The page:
Chemical injection valves have traditionally been manually operated in the upstream sector, although there are cases where chemical injection has been automated using an actuated solution. In the former case, the valves must be frequently opened, closed, and adjusted by plant personnel. This is costly as it necessitates the hiring of additional staff, and it is work that must be done under very harsh environmental conditions in the field.

It is also a well-known problem that inaccurate and unstable dosing of chemicals leads to additional operational costs and challenges with specific processes. To address and resolve such problems, there is an increasing demand for integrated automatic injection solutions that perform stably and offer a high level of precision in the dosing. The FluidCom CIMV has a unique design which is based on a patented technology, providing integrated flow control and metering using a unique combination of material and thermal effects.

FluidCom is a fully automated and reliable device with a simple design that performs autonomous valve control and continuous flow metering. The device is able to stably inject chemicals in the required small amounts. It has few moving parts and has proven to be an accurate, reliable solution for the control of chemical injection applications. No regular maintenance is required and remote control features are provided.

The device features a self-cleaning mechanism that reduces maintenance workload, and the automatic injection of chemicals in the correct amounts eliminates the need for manual interventions by plant operators and maintenance workers, thereby enabling personnel to lessen their exposure to harsh environmental conditions in the field.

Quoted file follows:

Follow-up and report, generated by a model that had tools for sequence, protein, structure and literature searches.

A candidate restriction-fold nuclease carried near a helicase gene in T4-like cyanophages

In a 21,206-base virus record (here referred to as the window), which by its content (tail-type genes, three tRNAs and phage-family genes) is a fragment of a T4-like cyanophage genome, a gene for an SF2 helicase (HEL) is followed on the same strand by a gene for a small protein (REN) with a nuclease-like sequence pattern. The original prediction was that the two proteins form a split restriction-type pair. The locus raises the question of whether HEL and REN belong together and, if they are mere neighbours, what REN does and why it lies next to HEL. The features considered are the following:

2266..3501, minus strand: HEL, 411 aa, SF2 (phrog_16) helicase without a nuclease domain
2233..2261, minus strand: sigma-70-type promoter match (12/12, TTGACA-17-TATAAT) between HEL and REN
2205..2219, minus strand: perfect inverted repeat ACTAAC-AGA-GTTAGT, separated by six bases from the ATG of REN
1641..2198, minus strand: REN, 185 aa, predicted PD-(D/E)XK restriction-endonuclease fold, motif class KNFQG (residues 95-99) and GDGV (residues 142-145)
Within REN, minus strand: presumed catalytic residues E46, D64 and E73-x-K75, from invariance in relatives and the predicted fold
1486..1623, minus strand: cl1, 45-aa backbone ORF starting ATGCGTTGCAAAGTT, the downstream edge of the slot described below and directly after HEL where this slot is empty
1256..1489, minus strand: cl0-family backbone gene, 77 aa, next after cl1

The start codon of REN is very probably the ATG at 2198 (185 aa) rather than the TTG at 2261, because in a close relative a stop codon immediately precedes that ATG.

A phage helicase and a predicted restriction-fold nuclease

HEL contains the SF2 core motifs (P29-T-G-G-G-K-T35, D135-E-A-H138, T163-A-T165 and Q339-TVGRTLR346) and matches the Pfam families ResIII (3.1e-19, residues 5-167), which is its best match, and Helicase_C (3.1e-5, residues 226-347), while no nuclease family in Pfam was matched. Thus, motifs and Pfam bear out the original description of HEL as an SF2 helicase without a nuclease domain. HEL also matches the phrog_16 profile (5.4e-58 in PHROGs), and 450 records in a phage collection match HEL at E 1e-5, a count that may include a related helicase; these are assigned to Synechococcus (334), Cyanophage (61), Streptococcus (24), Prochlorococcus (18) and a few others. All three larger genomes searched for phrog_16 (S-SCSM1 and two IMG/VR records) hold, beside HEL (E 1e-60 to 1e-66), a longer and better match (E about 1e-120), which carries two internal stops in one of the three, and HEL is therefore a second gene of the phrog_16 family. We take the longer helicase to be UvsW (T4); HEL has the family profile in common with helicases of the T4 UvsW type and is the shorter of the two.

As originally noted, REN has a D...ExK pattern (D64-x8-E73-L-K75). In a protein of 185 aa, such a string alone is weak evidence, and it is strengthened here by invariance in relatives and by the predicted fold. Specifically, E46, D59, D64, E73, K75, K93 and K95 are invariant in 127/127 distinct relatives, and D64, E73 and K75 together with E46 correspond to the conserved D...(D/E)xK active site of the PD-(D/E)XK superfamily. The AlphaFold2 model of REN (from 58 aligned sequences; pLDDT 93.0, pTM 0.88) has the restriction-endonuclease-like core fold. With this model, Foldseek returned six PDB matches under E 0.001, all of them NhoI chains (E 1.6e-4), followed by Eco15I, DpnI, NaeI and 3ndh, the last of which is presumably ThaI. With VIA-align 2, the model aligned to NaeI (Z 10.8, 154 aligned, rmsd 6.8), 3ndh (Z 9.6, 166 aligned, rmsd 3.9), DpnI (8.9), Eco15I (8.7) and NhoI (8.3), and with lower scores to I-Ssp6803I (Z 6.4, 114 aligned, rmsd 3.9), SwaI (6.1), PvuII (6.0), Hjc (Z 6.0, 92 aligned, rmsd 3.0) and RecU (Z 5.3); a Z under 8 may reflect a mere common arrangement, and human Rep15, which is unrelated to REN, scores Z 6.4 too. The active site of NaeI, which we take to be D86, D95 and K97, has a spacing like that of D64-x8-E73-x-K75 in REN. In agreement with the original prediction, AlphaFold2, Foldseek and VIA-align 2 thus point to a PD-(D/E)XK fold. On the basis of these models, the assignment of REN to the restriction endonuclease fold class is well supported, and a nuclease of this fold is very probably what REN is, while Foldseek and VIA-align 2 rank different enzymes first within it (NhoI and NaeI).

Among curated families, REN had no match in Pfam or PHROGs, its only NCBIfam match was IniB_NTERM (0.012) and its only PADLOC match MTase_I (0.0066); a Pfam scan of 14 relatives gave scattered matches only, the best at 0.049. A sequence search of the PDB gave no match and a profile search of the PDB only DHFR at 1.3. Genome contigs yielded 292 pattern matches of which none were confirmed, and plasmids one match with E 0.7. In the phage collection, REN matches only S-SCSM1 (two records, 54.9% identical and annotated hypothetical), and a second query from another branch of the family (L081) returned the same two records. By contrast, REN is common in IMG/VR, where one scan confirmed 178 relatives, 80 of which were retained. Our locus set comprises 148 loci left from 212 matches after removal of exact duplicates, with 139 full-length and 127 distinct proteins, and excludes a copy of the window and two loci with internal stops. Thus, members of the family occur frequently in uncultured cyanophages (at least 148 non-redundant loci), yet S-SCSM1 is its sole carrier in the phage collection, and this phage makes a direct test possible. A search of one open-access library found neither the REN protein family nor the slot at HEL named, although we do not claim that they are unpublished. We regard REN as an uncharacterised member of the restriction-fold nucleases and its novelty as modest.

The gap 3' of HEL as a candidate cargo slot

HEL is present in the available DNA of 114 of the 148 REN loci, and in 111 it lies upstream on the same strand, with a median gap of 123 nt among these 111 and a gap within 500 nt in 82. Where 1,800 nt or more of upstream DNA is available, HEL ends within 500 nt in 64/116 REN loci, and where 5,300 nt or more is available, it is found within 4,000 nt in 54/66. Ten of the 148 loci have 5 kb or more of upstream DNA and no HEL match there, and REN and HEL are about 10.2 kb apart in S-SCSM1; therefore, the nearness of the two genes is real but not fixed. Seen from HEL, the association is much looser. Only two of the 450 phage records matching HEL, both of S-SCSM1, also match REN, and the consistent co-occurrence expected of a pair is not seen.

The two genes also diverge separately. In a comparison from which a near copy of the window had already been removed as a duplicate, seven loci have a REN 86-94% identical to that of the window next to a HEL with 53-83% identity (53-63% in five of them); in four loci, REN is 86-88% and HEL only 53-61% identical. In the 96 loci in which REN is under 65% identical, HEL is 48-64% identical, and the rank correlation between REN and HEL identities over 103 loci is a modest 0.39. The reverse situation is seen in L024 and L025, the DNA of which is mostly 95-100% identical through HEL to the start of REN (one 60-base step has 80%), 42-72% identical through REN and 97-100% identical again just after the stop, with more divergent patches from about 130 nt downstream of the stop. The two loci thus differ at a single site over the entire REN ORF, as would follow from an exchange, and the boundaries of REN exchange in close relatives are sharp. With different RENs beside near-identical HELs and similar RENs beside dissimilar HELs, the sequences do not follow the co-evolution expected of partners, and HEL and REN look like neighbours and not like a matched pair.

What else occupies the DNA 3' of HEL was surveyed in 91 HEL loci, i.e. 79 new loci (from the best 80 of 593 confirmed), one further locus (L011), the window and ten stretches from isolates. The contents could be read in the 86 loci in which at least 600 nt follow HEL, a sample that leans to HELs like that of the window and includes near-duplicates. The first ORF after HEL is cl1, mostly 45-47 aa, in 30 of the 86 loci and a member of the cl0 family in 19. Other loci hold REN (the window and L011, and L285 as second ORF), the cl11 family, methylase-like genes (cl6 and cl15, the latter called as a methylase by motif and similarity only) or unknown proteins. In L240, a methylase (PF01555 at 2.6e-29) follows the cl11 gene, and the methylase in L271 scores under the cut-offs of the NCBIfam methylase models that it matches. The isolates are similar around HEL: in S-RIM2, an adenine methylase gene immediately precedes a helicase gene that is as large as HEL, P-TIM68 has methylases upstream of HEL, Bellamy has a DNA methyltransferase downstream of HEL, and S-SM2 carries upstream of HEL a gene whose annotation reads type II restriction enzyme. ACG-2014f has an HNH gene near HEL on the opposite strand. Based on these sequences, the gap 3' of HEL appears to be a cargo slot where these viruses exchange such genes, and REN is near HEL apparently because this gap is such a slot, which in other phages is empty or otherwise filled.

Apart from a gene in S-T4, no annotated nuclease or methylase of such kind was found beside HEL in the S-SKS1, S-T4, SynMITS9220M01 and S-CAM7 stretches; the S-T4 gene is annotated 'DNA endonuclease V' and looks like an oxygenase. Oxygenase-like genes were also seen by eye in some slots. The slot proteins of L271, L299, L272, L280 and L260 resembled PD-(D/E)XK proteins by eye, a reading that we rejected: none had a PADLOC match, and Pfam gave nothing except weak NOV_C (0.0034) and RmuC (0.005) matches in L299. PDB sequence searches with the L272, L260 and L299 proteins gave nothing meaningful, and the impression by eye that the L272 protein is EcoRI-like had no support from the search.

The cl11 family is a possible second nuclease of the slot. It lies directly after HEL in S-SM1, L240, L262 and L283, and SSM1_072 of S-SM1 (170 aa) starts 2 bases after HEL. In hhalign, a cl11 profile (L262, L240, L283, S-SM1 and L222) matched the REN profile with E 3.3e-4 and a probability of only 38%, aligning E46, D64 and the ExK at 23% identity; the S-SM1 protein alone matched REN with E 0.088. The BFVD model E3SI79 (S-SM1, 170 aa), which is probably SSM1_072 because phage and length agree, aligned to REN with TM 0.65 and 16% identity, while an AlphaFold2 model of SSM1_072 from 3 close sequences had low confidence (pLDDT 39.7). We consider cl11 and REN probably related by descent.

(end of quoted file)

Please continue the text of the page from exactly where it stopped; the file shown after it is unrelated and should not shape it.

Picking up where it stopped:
Chemical injection valves have traditionally been operated as manual systems in the upstream sector under harsh conditions. The FluidCom can automate chemical injection operation and reduce times that plant operators and maintenance workers go to field and operate in harsh environments. So using FuidCom improves healthy and safety.

FluidCom is also a valuable solution for downstream operations, where corrosion prevention is always a pressing concern. An ISA100 Wireless version is planned. The ISA100 Wireless technology is based on the ISA100.11a standard. It includes ISA100.11a-2011 communications, an application layer with process control industry standard objects, device descriptions and capabilities, a gateway interface, infrared provisioning, and a backbone router.

Commenting on the acquisition of this company, Shigeyoshi Uehara, head of the Yokogawa IA Products and Service Business Headquarters, said: “FluidCom will improve flow assurance, which is a key concern of our customers in the oil and gas industry, and it will make a major contribution to their operations by helping them not only improve production efficiency and reduce operational costs, but also enhance HSE. The combination of FluidCom, KBC simulation technology, and Yokogawa field devices will allow us to expand the range of our upstream and midstream solutions and enable the delivery of value in new ways to our customers.”

About TechInvent2

TechInvent2 is a fully owned subsidiary of TechInvent AS, a Stavanger, Norway-based company founded in 2008. TechInvent is owned by the founder and CEO Alf Egil Stensen, the venture capital firm Statoil Technology Invest AS, Aarbakke Innovation AS, and Ipark AS. The company has been supplying its FluidCom chemical injection technology to major oil companies since 2016. Alf Egil Stensen will continue as CEO of the company now that it is part of Yokogawa.

The mystery of intelligent sensor diagnostics @ProcessingTalk #PAuto

The fashion, or trend, that has developed over the last few years for process and analytical instrumentation sensors is to use their on-board intelligence to monitor their own performance status. They achieve this by monitoring and tracking various diagnostic measurements – secondary parameters where consistent values are said to indicate the sensor is working as it should, and has not been subject to any changes since leaving the factory.